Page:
In usual Eifel order, the following morning was grim, wet and grey. It rained and the clouds hung low over the woodlands. Those with semislick R-spec tires just sat there in silence, and I was wondering if this would be a good time to exercise my drifting skills – at low speed. But also as usual, the whole thing lightened up and the sun came out. Sort of, but certainly enough to dry up the track. The Kölsch had prevented me from doing the clever thing the previous evening: I should have prepared my car and my gadgets for a fast deployment onto the track; I should have checked and replenished fluids; I should have erased and charged cameras and I should have emptied the car of un-necessary items.

Nursing the old lady is part of the whole ceremony

Nursing the old lady is part of the whole ceremony

But all was easily done and I agreed with Gert Sterner to fully kit up at the Petrol-Ed gas tank; with helmet, Gopro and ticket; drive directly to the barrier and go for a lap. We would film each other, like we always try to do! I must say that I started out nice and calm – the pace was nice and calm, not my own condition. I had a strong nagging feeling about the comments on my drum brakes and their ability to brake continuously from high speeds, and I did not want to be caught in the gravel pits on my first lap.

It’s difficult to explain in words, but I must say the brakes really impressed me. I have been reading 1950s test reports from US and british car magazines, and all hail the Giulietta’s brakes as the best ever. “Don’t fade at all”, they say. But that was of course from the standards of the day; a formula one racer of the early sixties was also “Running like on rails”. Everything is relative! My own experience was that, yes, it takes another kind of braking than with the disk brakes, and especially another kind of thinking. Thinking ahead, really. And always paying attention to how the braking went, in anticipation for the next corners. It actually brings a whole new dimension to the game, and I like it. The car isn’t super-fast; Joakim Bonnier won the 1.3 GT class at the Nürburgring in 1956 in a car like mine with a fastest lap time of 11m38s. That means that he would have driven BTG, Bridge-to-Gantry in 10m07s. Fangio and Castelotti won the race in a Ferrari 860 Monza with a fastest lap-time of 10m05s.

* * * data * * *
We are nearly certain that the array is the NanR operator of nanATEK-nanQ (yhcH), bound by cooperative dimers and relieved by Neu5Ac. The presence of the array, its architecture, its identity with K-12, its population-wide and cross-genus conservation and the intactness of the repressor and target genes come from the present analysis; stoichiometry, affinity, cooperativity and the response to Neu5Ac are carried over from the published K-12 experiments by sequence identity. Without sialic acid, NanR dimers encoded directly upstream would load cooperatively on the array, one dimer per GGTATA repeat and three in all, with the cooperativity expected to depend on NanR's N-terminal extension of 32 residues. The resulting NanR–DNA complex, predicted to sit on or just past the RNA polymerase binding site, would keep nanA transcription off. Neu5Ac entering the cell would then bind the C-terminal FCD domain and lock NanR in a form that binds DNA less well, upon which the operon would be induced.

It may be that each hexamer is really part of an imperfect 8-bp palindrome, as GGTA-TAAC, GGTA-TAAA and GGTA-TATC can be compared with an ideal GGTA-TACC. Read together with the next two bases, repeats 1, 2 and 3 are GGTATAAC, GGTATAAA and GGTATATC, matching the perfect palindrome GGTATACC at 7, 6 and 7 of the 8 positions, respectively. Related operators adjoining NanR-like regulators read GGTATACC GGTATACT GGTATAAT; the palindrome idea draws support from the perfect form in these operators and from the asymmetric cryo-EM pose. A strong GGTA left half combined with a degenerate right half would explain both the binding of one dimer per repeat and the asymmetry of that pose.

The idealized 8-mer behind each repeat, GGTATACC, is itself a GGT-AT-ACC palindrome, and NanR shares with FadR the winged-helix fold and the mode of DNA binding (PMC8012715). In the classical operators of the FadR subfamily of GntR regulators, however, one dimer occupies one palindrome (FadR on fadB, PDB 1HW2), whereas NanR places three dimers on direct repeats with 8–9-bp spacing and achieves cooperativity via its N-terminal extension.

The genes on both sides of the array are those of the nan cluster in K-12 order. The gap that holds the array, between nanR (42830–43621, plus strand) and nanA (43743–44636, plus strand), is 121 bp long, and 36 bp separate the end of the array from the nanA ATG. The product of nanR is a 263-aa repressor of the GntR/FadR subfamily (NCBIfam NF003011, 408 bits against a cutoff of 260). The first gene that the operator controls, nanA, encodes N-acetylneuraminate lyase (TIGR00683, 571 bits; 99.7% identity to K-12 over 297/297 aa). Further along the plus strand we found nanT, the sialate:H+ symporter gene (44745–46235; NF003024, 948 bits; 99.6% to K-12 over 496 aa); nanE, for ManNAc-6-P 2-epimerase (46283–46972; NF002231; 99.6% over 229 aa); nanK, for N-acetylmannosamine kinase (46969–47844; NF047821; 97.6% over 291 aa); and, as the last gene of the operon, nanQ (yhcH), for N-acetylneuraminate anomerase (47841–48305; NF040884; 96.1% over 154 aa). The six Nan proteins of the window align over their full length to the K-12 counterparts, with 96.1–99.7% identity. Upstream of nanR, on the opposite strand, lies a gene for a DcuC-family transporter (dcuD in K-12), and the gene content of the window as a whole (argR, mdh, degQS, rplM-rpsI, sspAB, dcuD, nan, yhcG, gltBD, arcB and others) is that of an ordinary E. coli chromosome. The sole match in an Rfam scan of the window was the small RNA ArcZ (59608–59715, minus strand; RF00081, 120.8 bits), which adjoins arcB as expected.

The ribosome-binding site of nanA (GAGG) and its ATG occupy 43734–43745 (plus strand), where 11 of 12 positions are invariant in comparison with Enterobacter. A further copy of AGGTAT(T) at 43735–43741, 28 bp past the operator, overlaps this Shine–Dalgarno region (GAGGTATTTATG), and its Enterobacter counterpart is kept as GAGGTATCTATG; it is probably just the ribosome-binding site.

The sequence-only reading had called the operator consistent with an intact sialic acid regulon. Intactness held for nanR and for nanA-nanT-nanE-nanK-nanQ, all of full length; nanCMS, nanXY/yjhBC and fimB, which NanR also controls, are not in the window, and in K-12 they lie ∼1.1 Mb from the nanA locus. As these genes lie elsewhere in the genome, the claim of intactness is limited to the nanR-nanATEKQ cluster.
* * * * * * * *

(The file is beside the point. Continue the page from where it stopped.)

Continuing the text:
By the way; the Nürburgers doesn’t care much about Les 24 Heures du Mans. We had to politely ask them to change the channel away from tennis, to watch some of the racing in the few breaks we took during the day. And the place was absolutely swarming with fast and furious yutes in splendid driving machines. We had it all … I have never seen a Lamborghini Murcielago on the Nordschleife, until this weekend. And the track was closed accumulated half of the day, because some PS-head thought he could take his orange-and-limegreen Nissan 370 Z through Hatzenbach at the same speed as on his console – back home in front of his TV. This happened every hour, and it meant that we had a lot of spare time, which was spent comparing notes and arranging rides with each other. In the evening they even decided to close 45 minutes before time because the armco-repair would take the remaining time. So we went for a Wienerschnitzel oder Schweinemedaillon mit Spargel oder Bratkartoffeln.

Prost. I will be back with more from the Nürburgring and from Spa Francorchamps.

One Response

  1. Claus Ebberfeld
    Claus Ebberfeld

    Splendid reading and how refreshing to get a good balanced review on the case of drum brakes instead of the usual heresay. Thanks a lot, Per!

    Reply